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Photo credit: G. Langley

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Photo credit: G. Langley

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(P)update #31

Today, our dedicated volunteer observed PK2 and RK22 take one long swim and nurse on three ocassions.

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Photo credit: G. Langley

Unlike prior days, only one visitor interacted with PK2 today. A crab!

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Photo credit: G. Langley

The photos above and below provide a good look at the fore and hind flippers of a Hawaiian monk seal and provide another example of how true seals differ from members of the otariidae family. Whereas sea lions and fur seals are able to walk on all four flippers, monk seals do not. They “galumph” on shore. That is, they undulate like an oversized caterpillar. The two families of pinnipeds also differ in the way they swim through the water. Monk seals use their powerful hind flippers to push themselves through the water. Sea lions and fur seals use their large fore flippers to pull themselves through the water.

All pinnipeds have a small stub of a tail between their hind flippers, which don’t seem to serve much purpose but will come in handy after RK22 weans PK2 when biologists will examine her and measure her nose to tail!

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Photo credit: G. Langley

Down the coast, 11-day-old PK3 (born to RO28) logged a 35-minute swim.

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Photo credit: G. Langley

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(P)update #30

Right here. This photo explains why monk seals are known as true seals.

Photo credit: G. Langley

Taxonomically, the Hawaiian monk seal belongs to the order of pinniped, a member of the group of marine mammals that also includes sea lions, fur seals, and walruses. But here is where monk seals differ. Monk seals are part of the family Phocidae–true seals–members of which are characterized by their lack of external ear flaps. Monk seals’ ears are visible as small holes on the sides of their head; a narrow canal leads to the middle ear.

There are some other unique attributes that distinguish true seals from sea lions, fur seals, and walruses. We’ll get to those in future posts.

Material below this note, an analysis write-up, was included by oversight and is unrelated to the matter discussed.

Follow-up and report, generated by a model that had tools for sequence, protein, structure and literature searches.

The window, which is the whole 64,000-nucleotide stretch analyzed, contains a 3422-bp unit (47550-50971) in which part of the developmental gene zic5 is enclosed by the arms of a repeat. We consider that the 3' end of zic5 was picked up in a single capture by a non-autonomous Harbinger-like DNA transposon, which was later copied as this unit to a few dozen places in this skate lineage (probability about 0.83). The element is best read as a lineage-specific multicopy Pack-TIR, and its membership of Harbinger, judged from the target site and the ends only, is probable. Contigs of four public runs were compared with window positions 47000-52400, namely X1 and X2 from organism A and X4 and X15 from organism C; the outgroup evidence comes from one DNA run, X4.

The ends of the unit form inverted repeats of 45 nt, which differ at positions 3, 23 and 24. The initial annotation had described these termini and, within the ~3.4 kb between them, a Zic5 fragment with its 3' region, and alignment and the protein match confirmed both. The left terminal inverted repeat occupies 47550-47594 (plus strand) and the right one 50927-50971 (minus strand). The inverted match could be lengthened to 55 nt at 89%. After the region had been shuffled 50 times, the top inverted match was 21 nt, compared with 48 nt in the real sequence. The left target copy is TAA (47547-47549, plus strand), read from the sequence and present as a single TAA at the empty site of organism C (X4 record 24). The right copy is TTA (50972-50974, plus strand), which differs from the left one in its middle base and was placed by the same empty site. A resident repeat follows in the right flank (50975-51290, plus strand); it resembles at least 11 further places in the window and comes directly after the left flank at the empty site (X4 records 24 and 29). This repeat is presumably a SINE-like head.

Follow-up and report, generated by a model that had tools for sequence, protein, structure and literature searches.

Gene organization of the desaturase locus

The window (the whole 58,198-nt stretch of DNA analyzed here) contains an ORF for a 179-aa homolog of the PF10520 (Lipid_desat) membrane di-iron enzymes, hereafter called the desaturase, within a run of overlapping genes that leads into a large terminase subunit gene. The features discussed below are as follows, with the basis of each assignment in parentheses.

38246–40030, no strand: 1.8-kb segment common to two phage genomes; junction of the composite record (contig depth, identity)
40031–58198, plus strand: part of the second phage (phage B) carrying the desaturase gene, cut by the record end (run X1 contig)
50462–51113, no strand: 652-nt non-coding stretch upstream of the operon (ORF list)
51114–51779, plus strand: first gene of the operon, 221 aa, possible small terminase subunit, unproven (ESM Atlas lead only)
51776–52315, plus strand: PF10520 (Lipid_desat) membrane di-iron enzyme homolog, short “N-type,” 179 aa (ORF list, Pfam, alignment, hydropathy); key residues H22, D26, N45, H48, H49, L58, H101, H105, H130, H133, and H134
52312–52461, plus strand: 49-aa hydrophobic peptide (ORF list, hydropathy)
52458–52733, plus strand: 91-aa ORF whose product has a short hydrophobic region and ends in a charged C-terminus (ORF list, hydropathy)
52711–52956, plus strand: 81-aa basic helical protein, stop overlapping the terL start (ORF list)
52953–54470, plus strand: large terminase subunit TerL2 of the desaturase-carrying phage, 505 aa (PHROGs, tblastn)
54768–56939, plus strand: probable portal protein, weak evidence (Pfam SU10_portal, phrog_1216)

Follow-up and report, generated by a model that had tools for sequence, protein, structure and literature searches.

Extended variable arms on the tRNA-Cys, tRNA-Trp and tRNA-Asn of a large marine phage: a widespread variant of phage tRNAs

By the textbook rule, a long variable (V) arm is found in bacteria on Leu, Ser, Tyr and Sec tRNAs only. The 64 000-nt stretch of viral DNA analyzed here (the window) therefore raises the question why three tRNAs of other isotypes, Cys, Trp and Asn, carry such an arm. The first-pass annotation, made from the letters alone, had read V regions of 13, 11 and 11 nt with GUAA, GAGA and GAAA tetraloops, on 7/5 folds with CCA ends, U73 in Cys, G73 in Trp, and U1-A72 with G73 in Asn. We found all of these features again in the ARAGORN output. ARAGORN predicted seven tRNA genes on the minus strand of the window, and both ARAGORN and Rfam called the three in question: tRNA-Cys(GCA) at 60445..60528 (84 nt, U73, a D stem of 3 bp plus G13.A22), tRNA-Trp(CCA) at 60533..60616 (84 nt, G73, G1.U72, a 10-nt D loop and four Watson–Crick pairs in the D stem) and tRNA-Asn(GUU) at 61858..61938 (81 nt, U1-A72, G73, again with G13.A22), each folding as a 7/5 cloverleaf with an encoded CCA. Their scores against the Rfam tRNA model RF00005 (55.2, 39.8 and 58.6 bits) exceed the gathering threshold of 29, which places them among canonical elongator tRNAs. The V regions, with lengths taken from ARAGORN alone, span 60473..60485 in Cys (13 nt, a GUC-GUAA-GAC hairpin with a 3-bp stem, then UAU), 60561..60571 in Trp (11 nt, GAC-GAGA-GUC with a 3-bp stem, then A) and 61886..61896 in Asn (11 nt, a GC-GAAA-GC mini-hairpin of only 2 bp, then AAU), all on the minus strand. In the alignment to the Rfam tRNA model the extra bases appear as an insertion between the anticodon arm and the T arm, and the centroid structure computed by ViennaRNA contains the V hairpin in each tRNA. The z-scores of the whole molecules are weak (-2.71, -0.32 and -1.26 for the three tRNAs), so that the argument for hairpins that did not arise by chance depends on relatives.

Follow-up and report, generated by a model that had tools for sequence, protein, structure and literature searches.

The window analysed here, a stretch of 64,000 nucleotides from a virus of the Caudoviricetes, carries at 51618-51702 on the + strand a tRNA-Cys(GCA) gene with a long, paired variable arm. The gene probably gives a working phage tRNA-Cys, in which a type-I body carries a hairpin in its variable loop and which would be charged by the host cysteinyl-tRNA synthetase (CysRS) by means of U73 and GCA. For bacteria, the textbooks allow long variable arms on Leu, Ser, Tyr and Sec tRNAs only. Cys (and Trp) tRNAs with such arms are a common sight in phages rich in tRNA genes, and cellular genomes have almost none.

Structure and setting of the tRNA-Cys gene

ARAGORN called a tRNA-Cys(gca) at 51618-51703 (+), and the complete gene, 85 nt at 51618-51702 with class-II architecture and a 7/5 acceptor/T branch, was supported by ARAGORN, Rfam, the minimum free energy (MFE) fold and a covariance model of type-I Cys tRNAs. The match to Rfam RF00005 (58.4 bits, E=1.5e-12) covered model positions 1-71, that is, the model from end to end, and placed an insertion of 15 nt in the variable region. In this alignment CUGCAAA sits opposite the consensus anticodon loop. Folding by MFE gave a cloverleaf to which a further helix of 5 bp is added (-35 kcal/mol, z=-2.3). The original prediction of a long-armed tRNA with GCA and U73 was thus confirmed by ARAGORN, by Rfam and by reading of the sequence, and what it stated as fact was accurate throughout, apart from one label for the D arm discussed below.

Photo credit: G. Langley

A little over three hours of swim time and three feedings were observed today for PK2 (born to RK22). No encounters with male visitors but 3CU, Temp 325 and R313 were in the area.

Photo credit: G. Langley

Photo credit: G. Langley

Our newest pup PK3 (born to RO28) is starting to spend more time in the water–sleeping as well as napping.

Photo credit: G. Langley

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(P)update #29

RK22 and PK2 had a couple swims today that totaled over four hours and were interrupted for three feedings and a variety of company. In one photo below, you can see a turtle, RN44, RV18, mom and pup. 3CU was also in the area.

Photo credit: G. Langley

Photo credit: G. Langley

Photo credit: G. Langley

By now, PK2’s teeth have started to erupt through her gums. Monk seals have two pair of eight teeth each for a total of 32, just like humans.

Photo credit: G. Langley

Here’s PK3. No confirmed gender yet. Still learning how the body works!

Photo credit: G. Langley

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(P)update #28

It’s a bit like Groundhog Day on the beach with RK22 and PK2: Swim, eat, sleep. Repeat.

Photo credit: G. Langley

 

Monk seals spend about two-thirds of their life in the water; hence, a little green algae will grow on their coat. If you see a “green” monk seal on the beach, chances are it’s close to its annual molt. In monk seals, it’s called a “catastrophic” molt, because it happens all at once over the course of a week or two.

Photo credit: G. Langley

Photo credit: G. Langley

Can you spot PK3 nursing on RO28 among the dark lava rocks?

Photo credit: G. Langley